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–The Broad is a new contemporary art museum in Downtown LA that I had been dying to visit. I saw a few pics on Instagram from people that had visited and knew that it was a place that I would want to check out, but visiting The Broad was a little harder than I thought it would be.
General admission is free but it is recommended to get advance free tickets, otherwise you will have to wait in the standby line, (which was very long on the day that I visited). I reserved my tickets in June for August because they were booked and as I write this post, they are booked through October.
The Broad is newest contemporary art museum in Downtown Los Angeles founded by philanthropists Eli and Edythe Broad. To say that this museum is very different from most contemporary museums is an understatement. The museum is home to the 2,000 works of art in the Broad collection, which is among the most prominent holdings of postwar and contemporary art worldwide. The art is so different then most that you see in contemporary museums across the country.
Take this piece for instance, ‘Michael Jackson and Bubbles’ by Jeff Koons. Per, The Broad’s site, it describes this piece as such, “The dead white of Jackson’s skin and his glamorous pose with Bubbles in matching clothing invite a chilling range of questions about celebrity and image making.” What do you think?
My son and I really loved ‘The Balloon Dog’, also by Jeff Koons. Now this thing was really cool!!
How a not so interested teenager looks when visiting a museum…but this piece by Roy Lichtenstein called was ‘Goldfish Bowl’ was “alright” per the teenager.
Out of every piece that we saw, all the art on display by artist Jean‐Michel Basquiat was my favorite. I was so enthralled by his artwork that I decided to do some research to learn more about him. He was pretty interesting…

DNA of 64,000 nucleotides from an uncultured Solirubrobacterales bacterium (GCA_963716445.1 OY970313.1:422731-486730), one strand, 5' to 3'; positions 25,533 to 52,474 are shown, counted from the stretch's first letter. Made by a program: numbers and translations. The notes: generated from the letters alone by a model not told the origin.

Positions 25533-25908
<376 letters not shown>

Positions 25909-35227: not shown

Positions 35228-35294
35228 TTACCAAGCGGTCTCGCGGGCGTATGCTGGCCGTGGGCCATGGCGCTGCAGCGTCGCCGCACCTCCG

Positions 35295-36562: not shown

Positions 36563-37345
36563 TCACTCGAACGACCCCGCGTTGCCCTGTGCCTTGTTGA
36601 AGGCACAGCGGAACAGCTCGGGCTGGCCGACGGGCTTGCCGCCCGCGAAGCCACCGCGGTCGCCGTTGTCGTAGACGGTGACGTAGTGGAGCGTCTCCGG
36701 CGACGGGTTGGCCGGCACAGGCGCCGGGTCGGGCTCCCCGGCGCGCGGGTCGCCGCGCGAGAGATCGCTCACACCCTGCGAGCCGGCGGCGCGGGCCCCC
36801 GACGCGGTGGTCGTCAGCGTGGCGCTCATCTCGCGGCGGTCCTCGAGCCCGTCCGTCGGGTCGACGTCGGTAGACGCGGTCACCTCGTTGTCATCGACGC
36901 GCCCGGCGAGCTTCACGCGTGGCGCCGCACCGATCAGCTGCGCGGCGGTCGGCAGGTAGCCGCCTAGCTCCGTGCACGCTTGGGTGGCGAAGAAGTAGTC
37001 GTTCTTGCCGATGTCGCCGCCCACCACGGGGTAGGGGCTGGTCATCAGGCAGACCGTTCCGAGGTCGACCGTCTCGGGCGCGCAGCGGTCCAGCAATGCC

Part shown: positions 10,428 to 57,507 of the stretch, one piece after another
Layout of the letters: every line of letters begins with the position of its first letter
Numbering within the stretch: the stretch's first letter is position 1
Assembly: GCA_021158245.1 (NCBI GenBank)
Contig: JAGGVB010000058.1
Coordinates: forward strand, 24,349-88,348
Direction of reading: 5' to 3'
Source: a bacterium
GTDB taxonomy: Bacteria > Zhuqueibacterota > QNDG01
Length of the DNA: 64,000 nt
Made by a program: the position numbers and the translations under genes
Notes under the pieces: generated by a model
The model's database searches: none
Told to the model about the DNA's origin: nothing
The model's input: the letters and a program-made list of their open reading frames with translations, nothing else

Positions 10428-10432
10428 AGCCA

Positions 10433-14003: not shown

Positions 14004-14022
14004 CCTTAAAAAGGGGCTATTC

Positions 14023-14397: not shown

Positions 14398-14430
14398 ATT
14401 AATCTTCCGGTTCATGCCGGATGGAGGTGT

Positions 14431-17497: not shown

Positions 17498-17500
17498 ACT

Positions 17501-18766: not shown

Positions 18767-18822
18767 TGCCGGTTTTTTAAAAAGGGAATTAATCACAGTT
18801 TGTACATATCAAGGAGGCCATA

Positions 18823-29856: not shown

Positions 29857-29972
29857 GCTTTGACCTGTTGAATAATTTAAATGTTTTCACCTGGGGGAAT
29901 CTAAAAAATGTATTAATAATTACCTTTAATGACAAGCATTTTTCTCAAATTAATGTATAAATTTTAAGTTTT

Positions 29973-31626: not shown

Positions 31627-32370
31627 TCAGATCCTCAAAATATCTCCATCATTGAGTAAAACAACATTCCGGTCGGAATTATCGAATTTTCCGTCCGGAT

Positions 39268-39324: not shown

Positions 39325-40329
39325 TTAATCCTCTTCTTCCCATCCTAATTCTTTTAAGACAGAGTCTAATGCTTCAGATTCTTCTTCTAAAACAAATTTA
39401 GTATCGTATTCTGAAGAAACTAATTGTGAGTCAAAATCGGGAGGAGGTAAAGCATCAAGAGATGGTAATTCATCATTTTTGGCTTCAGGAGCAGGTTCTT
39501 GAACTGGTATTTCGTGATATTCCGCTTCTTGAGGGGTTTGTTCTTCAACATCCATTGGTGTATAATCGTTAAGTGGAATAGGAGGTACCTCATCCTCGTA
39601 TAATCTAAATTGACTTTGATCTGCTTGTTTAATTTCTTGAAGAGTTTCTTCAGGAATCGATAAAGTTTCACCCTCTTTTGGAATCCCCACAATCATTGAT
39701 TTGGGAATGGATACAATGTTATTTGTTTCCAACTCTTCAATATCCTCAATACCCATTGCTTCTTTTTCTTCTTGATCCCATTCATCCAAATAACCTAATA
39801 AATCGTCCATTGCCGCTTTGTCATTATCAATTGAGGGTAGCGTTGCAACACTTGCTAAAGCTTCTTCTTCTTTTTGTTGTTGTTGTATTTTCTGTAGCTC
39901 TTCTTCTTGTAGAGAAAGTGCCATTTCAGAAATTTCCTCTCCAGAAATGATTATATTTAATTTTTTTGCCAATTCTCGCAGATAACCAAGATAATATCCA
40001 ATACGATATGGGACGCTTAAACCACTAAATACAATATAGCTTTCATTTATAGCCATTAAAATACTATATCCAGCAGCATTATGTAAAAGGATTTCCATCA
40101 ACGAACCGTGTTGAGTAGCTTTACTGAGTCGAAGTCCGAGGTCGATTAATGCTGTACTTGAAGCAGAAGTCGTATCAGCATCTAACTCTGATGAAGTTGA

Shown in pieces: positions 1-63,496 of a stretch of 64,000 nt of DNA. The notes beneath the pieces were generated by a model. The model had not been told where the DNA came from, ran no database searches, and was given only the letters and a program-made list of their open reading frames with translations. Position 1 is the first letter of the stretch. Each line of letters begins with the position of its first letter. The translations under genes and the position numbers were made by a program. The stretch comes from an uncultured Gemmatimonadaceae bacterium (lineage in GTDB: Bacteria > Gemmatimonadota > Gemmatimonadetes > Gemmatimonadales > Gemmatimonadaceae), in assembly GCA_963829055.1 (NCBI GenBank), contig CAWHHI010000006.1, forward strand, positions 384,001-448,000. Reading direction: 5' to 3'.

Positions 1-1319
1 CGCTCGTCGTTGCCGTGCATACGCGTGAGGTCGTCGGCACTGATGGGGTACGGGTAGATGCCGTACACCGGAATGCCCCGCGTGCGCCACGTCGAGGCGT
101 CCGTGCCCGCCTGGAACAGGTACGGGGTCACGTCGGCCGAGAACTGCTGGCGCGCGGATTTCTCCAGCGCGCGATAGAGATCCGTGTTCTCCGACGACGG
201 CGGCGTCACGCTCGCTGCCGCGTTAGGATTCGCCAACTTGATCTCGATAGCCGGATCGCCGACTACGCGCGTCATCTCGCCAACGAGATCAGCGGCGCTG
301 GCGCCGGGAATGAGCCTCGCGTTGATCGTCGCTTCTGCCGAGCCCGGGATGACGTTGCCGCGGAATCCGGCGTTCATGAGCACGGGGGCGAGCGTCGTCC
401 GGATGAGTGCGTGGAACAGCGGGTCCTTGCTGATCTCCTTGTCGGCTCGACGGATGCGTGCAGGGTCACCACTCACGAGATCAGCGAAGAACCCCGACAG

Jean‐Michel Basquiat (December 22, 1960- August 12, 1988), first achieved notoriety as part of SAMO, an informal graffiti duo who wrote enigmatic epigrams in the cultural hotbed of the Lower East Side of Manhattan during the late 1970s where the hip hop, post-punk, and street art movements. By the 1980s, he was exhibiting his neo-expressionist paintings in galleries and museums internationally.
Basquiat’s art focused on “suggestive dichotomies”, such as wealth versus poverty, integration versus segregation, and inner versus outer experience. He appropriated poetry, drawing, and painting, and married text and image, abstraction, and figuration, and historical information mixed with contemporary critique, as you can see in his paintings.
Basquiat used social commentary in his paintings as a “springboard to deeper truths about the individual”, as well as attacks on power structures and systems of racism, while his poetics were acutely political and direct in their criticism of colonialism and support for class struggle. He died of a heroin overdose at his art studio at age 27.
This piece is titled, ‘Eyes and Eggs.’
This piece is titled, ‘Horn Players.’
This pic below is part of a huge piece called, ‘In the Land of the Dead, Stepping on the Tail of a Rainbow’ by Takashi Murakami.
There was so much going on in this painting but this was the most interesting portion to me. It’s so crazy, it looks like a vomit of color and characters. What are your thoughts on this piece?
The main thing that we wanted to say but was completed booked for the day was Infinity Mirrored Room. According to The Broad’s site, the Infinity Mirrored Room is a mirror-lined chamber housing a dazzling and seemingly endless LED light display. The images look amazing but let me give you a tip, if you plan on seeing the Infinity Mirrored Room you need to get to The Broad early because it has extremely limited capacity, accommodating one visitor at a time for about a minute, and requires a separate free timed same-day reservation which ticket holders are able to reserve, pending availability. Our time to visit the museum was 3pm and by then, it was already reserved for the day. You can hang around to see if someone doesn’t show up but we were totally out of luck. The good part is that it will be on display until October 2017.
There are so many more pictures to share but I have to leave something for you to experience yourself or you can take a pic on my Instagram if you just can’t wait to see it yourself.
All and all, I absolutely loved The Broad and will return, hopefully, to get a chance to see the Infinity Mirrored Room. Remember that if you plan to visit, reserve your tickets online here and reserve a early time in the day to get a reservation to go into the Infinity Mirrored Room. Also, The Broad sometimes has special exhibitions. Currently it is “Cindy Sherman: Imitation of Life.” The exhibits are not included in the free general admission. The price for tickets to see this exhibit is $12 for adults but free for kids 17 and under.
The Broad is open every day except Monday.
Have you had a chance to visit The Broad?
What was the last museum you visited?